You can take a virtual tour of this facility in two ways.
On your computer or tablet, drag your finger around the screen to experience a full 360-degree view. When you see a round burst, click it to move to another location.
If you have a VR viewer such as Google Cardboard and a smartphone, you can experience each discovery in stereoscopic virtual reality. When you see a round icon, you can view it for two seconds before being taken directly to another location.
When paving the road for the military in 1962 (editor’s note: 1961) a shovel dozer hit the roof of this cave. It would become one of the most important burial caves ever found from the Iron Age II in the Land of Israel. Right now I'm standing inside the burial cave itsself. After the shovel dozer hit the entire ceiling of the cave collapsed. On the left you can see the benches where three complete skeletons were found intact on the burial shelves. On the wall are seven ancient Hebrew inscriptions were inscribed. One of them is the most important ancient Hebrew inscription that mentioned for the first time the exact name of God and the City of Jerusalem; while the first inscription is a prayer the second inscription is a plea: “I am Jehovah thy Lord I shall accept the cities of Judah and I will redeem Jerusalem. Absolve us oh Jehovah.” Inside the burial cave a few graffities [sic] were found one of them is a person playing a lyre. The second one is the holy man lifting his arms and praying to God. The third figure is of the high priest praying as well. The ancient Hebrew inscriptions and graffiti where removed by the Israel Antiquities Authority and placed in the Israel Museum for safety.
In 1961 two rock-hewn burial caves (65 feet apart) were discovered during road construction. They were subsequently excavated and dated to the late Iron Age (600 BC). The layout of the southern cave, known as the Jerusalem Cave, is characteristic of burial caves of the First Temple period (1,000 to 586 BC). A corridor leads into two burial chambers featuring hewn benches running along the walls; three skeletons were found on the benches in the southern chamber and five in the western one. A bronze ring and an earring were found on two of the skeletons. Fragments of a krater (a large wide-mouthed vessel that held liquids) were discovered inside the cave and a complete juglet (a small narrow-mouthed vessel that generally held precious oil or perfume) from the Persian period was found near the cave entrance. The northern cave comprises a rectangular chamber reached by descending a short flight of stairs, and yielded pottery from the Persian period.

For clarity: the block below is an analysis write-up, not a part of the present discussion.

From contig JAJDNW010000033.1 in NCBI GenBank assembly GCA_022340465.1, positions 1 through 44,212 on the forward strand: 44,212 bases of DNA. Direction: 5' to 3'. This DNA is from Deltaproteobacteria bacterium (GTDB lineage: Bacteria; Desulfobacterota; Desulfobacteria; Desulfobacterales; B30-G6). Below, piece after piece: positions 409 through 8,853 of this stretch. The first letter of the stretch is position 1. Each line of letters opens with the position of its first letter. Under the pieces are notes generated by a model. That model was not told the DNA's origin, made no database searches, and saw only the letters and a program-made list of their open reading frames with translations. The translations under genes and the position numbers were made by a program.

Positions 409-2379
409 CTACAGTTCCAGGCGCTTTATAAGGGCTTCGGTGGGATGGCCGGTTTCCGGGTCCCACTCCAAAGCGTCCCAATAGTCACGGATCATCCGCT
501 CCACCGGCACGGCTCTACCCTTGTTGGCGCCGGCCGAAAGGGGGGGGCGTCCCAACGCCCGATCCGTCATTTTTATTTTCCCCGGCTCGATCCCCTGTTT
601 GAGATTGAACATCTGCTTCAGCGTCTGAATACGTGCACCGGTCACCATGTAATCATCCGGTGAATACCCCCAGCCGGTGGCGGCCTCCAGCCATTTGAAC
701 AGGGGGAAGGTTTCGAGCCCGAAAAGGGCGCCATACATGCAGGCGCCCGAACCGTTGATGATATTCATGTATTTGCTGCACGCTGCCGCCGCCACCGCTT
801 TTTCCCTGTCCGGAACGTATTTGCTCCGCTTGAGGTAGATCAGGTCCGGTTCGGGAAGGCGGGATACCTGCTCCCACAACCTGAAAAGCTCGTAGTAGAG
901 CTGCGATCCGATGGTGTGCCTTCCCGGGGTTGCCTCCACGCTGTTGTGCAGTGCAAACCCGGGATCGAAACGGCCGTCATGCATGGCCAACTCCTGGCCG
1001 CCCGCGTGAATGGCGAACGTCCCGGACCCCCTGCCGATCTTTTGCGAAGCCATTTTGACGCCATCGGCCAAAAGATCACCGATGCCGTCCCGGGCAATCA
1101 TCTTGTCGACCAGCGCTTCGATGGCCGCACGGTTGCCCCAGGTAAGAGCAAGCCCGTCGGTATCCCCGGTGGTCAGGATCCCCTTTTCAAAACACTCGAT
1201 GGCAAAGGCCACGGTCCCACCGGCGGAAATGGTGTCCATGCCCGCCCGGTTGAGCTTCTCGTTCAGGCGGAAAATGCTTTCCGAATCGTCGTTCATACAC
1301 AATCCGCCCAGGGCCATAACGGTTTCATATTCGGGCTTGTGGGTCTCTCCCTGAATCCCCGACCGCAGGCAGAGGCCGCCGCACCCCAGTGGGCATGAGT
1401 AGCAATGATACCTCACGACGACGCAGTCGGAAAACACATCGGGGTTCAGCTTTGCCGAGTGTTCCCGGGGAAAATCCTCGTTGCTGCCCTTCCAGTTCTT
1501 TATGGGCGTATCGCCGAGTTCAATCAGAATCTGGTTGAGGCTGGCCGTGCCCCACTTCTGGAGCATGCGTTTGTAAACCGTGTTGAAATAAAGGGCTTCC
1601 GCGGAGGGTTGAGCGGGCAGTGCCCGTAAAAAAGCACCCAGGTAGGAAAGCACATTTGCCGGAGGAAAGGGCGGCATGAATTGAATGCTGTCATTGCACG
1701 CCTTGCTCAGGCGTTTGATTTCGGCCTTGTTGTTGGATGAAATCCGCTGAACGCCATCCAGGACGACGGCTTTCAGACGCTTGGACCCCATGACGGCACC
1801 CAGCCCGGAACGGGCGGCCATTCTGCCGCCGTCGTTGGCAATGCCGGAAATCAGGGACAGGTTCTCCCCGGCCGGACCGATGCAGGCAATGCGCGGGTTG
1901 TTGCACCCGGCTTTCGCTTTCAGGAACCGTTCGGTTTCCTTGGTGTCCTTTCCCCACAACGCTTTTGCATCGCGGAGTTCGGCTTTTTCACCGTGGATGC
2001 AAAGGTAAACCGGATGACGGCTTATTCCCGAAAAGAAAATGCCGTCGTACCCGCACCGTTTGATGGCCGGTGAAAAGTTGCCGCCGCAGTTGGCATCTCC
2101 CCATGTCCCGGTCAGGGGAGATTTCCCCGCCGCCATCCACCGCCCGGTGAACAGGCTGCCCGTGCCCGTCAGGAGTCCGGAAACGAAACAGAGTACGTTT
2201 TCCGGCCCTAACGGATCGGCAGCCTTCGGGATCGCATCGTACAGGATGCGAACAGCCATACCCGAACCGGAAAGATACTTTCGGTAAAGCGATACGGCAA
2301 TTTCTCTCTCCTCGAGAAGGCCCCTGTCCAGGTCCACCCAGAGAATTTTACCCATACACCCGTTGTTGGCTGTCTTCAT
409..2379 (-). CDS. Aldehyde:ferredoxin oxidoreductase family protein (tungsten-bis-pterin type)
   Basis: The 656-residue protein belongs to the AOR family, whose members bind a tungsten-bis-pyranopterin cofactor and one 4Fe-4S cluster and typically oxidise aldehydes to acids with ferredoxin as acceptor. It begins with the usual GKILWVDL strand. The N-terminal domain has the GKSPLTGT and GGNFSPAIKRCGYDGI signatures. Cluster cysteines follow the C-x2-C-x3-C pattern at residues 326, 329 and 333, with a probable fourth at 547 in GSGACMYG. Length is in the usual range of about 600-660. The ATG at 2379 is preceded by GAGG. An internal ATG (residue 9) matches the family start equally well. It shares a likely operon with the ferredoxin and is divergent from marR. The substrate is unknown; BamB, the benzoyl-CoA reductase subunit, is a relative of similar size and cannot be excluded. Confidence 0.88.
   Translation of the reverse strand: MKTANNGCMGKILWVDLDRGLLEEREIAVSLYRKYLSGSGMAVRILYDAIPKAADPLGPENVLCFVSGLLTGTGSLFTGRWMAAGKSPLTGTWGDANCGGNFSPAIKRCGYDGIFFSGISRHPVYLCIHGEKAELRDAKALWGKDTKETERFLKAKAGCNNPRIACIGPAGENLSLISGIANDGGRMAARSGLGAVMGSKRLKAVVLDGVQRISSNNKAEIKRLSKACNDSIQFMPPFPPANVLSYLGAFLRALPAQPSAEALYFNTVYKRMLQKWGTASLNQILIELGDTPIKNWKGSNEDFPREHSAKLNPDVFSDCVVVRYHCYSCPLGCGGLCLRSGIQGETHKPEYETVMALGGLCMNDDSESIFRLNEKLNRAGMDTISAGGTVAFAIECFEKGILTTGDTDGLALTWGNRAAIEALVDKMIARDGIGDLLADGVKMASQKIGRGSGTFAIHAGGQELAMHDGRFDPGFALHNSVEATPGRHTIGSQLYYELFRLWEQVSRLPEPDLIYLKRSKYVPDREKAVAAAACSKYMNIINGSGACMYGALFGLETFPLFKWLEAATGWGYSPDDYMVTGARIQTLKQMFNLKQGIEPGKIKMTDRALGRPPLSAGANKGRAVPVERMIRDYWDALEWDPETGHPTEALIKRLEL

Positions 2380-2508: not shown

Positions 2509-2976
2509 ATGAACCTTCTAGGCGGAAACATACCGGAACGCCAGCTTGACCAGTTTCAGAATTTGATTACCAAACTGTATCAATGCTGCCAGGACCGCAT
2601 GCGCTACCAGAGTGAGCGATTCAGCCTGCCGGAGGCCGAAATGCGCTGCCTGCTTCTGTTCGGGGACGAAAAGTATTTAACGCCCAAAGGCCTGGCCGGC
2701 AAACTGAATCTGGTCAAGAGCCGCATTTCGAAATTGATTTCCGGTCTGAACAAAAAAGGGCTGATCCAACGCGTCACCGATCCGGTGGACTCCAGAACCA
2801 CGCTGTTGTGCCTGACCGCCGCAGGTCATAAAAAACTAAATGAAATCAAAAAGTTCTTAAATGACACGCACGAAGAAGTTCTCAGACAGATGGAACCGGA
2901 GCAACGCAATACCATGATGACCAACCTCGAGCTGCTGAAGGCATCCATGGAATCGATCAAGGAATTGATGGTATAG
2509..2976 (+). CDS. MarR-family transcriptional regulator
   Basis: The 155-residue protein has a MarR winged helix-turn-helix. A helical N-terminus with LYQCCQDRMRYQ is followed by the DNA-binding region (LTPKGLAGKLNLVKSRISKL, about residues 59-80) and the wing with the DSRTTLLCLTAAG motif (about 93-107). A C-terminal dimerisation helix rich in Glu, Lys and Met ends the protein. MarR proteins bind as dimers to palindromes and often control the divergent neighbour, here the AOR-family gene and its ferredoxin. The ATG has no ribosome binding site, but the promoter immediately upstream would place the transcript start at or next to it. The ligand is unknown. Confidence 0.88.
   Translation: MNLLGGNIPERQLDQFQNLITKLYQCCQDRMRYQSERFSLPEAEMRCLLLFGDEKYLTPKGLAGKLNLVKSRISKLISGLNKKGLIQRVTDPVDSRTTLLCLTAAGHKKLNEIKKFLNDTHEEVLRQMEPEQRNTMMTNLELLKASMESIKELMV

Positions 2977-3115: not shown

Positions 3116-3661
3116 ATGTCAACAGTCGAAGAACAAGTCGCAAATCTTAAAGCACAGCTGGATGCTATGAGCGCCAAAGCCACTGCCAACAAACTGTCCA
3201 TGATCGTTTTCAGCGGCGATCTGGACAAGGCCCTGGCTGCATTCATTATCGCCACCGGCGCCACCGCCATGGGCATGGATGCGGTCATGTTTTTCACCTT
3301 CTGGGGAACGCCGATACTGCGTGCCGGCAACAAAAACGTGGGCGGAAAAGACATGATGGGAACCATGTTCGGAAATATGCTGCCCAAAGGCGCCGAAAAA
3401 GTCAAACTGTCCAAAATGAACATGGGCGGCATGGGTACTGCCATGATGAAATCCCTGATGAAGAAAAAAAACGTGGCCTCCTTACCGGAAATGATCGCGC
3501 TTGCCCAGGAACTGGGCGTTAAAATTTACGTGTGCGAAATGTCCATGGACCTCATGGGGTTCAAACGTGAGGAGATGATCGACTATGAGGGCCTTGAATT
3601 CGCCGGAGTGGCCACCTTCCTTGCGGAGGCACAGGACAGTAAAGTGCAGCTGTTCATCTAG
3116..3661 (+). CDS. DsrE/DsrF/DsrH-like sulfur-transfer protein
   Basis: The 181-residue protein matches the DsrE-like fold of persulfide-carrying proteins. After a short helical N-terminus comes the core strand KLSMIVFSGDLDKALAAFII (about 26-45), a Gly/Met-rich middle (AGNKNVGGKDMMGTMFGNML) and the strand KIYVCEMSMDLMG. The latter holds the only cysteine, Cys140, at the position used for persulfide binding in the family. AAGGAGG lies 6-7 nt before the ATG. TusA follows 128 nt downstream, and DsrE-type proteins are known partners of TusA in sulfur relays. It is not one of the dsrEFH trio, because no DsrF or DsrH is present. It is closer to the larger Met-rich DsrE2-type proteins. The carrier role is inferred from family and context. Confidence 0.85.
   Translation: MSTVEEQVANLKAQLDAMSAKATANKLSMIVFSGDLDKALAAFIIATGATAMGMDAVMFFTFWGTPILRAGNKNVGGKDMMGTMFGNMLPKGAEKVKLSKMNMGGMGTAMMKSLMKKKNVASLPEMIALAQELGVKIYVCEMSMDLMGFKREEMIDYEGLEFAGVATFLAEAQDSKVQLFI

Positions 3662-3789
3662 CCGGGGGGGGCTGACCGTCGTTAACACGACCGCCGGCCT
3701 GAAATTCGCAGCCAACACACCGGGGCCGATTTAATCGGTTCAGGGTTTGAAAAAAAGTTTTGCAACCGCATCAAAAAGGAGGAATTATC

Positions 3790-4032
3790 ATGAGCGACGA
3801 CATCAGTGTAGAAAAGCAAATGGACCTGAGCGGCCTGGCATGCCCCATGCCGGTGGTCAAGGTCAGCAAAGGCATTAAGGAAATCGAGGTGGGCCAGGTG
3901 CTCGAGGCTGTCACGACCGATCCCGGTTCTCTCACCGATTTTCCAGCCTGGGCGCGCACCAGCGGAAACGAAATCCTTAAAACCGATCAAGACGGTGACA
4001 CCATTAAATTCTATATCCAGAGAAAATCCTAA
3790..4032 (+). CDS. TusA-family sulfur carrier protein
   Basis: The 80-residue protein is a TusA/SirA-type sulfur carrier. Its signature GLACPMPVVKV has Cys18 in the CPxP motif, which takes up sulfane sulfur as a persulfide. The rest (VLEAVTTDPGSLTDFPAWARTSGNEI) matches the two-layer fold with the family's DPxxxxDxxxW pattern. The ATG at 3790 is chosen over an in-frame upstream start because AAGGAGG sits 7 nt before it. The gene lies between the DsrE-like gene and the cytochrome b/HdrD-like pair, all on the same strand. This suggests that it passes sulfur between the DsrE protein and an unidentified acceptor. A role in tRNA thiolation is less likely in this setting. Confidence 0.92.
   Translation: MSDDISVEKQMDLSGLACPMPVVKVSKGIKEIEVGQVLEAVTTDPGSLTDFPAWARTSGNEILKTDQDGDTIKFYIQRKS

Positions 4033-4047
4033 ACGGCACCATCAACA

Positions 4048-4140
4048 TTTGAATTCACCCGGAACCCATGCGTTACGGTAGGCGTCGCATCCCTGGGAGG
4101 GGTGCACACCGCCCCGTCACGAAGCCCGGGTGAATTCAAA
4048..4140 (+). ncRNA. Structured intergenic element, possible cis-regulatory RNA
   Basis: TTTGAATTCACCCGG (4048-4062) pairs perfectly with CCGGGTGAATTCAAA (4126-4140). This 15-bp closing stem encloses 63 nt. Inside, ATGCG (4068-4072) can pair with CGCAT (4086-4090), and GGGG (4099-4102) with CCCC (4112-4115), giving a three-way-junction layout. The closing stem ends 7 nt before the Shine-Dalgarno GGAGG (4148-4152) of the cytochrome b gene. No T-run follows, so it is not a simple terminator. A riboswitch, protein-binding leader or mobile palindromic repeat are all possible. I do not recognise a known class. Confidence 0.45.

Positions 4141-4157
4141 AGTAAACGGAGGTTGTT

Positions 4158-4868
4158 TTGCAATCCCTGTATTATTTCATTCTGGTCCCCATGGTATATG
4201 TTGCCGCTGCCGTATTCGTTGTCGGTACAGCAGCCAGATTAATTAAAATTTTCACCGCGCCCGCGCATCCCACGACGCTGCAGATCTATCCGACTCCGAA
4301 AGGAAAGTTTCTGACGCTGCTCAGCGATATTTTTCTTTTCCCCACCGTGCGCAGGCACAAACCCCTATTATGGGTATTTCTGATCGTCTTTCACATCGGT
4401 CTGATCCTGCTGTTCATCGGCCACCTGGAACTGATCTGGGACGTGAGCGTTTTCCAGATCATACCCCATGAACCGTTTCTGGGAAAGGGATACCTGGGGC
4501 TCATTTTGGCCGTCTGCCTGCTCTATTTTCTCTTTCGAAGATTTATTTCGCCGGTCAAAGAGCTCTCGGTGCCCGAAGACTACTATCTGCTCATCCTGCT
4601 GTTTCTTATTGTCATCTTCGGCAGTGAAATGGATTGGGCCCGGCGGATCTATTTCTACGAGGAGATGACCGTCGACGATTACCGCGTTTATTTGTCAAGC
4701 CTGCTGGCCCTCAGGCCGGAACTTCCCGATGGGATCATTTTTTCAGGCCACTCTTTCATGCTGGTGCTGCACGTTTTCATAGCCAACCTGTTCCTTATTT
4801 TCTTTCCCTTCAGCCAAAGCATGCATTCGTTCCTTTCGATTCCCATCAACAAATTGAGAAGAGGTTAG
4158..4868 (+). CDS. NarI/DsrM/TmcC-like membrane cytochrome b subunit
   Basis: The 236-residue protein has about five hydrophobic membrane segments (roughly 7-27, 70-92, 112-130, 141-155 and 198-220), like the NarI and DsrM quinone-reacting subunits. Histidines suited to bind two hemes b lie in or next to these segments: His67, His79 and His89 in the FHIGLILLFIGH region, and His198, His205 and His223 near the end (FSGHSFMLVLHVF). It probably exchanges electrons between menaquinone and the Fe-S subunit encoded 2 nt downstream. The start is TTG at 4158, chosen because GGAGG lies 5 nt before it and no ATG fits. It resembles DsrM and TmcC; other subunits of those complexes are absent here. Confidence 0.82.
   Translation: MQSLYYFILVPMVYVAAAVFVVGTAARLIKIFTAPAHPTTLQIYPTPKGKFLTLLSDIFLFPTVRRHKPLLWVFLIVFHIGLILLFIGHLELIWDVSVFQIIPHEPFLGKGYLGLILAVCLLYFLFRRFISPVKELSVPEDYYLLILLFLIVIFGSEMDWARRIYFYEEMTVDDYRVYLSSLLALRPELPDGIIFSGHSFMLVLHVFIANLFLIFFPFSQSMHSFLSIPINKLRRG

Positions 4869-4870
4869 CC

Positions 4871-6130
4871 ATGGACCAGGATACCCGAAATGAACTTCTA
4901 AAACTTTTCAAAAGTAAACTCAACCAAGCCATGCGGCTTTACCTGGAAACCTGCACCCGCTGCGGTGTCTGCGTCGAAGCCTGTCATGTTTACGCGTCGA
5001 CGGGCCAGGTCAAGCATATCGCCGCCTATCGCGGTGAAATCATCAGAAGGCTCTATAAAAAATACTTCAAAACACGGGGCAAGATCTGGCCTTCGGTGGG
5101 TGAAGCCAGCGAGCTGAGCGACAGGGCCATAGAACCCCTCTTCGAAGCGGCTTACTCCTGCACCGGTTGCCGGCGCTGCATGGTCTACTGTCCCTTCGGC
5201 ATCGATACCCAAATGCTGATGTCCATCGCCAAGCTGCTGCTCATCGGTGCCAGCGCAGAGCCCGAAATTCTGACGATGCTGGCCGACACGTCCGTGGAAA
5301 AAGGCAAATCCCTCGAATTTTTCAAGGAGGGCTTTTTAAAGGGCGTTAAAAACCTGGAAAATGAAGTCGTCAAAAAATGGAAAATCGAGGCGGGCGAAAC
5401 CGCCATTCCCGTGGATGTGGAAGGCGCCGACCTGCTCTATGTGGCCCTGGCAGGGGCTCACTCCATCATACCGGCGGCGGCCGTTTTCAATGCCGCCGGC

What distinguishes the southern cave are the drawings and inscriptions inscribed on its walls: a person with a harp, a person praying, a person wearing a headdress, two sailboats, and seven inscriptions. The inscription including the phrase "God of Jerusalem" (Elohei Yerushalem) gave the cave its name.
Joseph Naveh (1928-2011), Israel's preeminent paleographer, proposed reading the inscription as: "Yahweh (is) the God of the whole earth; the mountains of Judah belong to Him, to the God of Jerusalem. The (Mount of) Moriah Thou hast favoured, the dwelling of Yahweh. Yahweh deliver (us)."
Frank Moore Cross Jr. (1921-2012), a renowned epigraphist from Harvard University, translated the inscription: "I am Yahweh thy Lord. I shall accept the cities of Judah and I will redeem Jerusalem. Absolve us oh Yahweh."
All seven inscriptions are of a poetic nature; they may have been written by a Levite poet or were a copy of a prophecy. Cross also believed the inscriptions may have been the work of Jewish refugees who found shelter in the cave during Nebuchadnezzar's campaign against Judah in the sixth century BC.Support Beit Lehi